So we continued on and the next lesson I learned: Even if a truck accelerates to a speed where it gets tough that usually only means there’s a steeper passage ahead for which it’s gathering momentum. Don’t let go. You’ll regret it.
Lesson number five: If you go down hill behind a truck let go but don’t fall behind or try to take over. You’ll never get back on again.
In most cases you’re fast than trucks while going down hill but their momentum is higher as soon as it goes up hill again.
So what happens is you fall behind or take over and the truck will just rush away from you and you’ve got no chance of ever catching it again. You’ll have to stay right behind it and grip hold again the moment it starts outrunning you.
In the end (is a truck actually a he or an it?) I got pretty got at hanging on to trucks. I could even continue on gravel roads and the last truck I let go was after half an hour when my arm was about to be torn out of my shoulder – or at least it felt so.
The day I was talking about ended after 105kms in the last “town” before the border whichs name I have already forgotten. It wasn’t a particulary pleasant place but I was in an extremly good mood then.
As I had said I started suffering from culture shock upon leaving Tanzania. I really felt bad because people only tried to be friendly and all I could give back was a frown.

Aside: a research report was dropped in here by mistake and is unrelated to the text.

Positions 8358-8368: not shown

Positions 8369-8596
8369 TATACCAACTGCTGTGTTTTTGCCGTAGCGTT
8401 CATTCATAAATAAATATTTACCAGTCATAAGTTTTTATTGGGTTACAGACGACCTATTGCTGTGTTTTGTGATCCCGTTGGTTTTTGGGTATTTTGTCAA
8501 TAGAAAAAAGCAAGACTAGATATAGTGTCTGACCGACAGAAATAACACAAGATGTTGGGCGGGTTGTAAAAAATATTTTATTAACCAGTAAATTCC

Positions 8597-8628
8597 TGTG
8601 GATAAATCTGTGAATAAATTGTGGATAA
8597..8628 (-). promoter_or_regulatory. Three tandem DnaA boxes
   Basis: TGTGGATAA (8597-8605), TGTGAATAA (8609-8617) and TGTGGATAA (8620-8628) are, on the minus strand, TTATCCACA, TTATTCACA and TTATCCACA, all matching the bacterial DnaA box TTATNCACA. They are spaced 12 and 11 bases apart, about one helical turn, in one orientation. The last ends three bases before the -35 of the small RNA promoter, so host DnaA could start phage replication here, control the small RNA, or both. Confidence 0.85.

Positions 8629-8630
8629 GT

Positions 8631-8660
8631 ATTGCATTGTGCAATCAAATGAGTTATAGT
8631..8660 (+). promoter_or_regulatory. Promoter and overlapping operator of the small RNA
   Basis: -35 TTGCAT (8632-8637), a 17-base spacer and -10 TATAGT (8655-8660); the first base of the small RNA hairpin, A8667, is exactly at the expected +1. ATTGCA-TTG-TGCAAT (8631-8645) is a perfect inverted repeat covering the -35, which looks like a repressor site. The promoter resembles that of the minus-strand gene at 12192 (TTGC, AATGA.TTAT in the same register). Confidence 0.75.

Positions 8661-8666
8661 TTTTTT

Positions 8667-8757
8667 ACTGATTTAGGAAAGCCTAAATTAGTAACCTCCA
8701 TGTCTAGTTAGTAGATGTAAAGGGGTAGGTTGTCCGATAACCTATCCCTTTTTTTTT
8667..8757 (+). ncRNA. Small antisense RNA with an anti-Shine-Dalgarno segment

I kept pleading for something great to happen to change my mind and that day it actually did. On one very steep hill once again kids started running with me, endlessly yelling “Good morning Mzungu” (although it was afternoon). I didn’t even look at them. I just tried to breathe smoothly which occured to me very hard on that particular hill.
Since I didn’t react the kids thought of another way to catch my attention: They started pushing me up hill!
I never would have imagined it, neither the stories being true, nor those kids actually being of any more than symbolic help, but they were. Half of the weight seemed to be taken off me within seconds and we were literally rushing up the hill with the kids panting behind me while pushing the heavy bike (and even heavier cyclist).
I felt so embarrassed for my arrogant behavior, gratefull for their amazing kindness and within seconds everything seemed to change again. The world seemed lighter, I could finally greet back again and wave to people. I discovered that all the yelling was far less if you waved at them before they yelled.
I slept extremly well that night. I had been totally exhausted, there was a thunderstorm raging across the peaks of the mountains and it was cold. Freezing cold. I had to take a cold shower but then I could cuddle into the fleece blankets and the world was just great.
My positive attitude stayed the next day. Although I wasn’t as euphoric anymore I could still appreciate the people around me and then I finally left Burundi.
I left Burundi with entirely mixed feelings. Firstly it is a beautiful country – extremley densely populated, mountainious with a beautiful lake and tons of great bananas. As for a shortage of flat land the Burundians seem to be close to inventing vertical acreage.
Then the people are kind, especially in the mountains (For some reason I don’t know mountain people always seem to be nicer than those in the flat lands… no offense!). Then on the other hand people – especially at the lake tend to be very yelly. I really don’t know what to think of that country.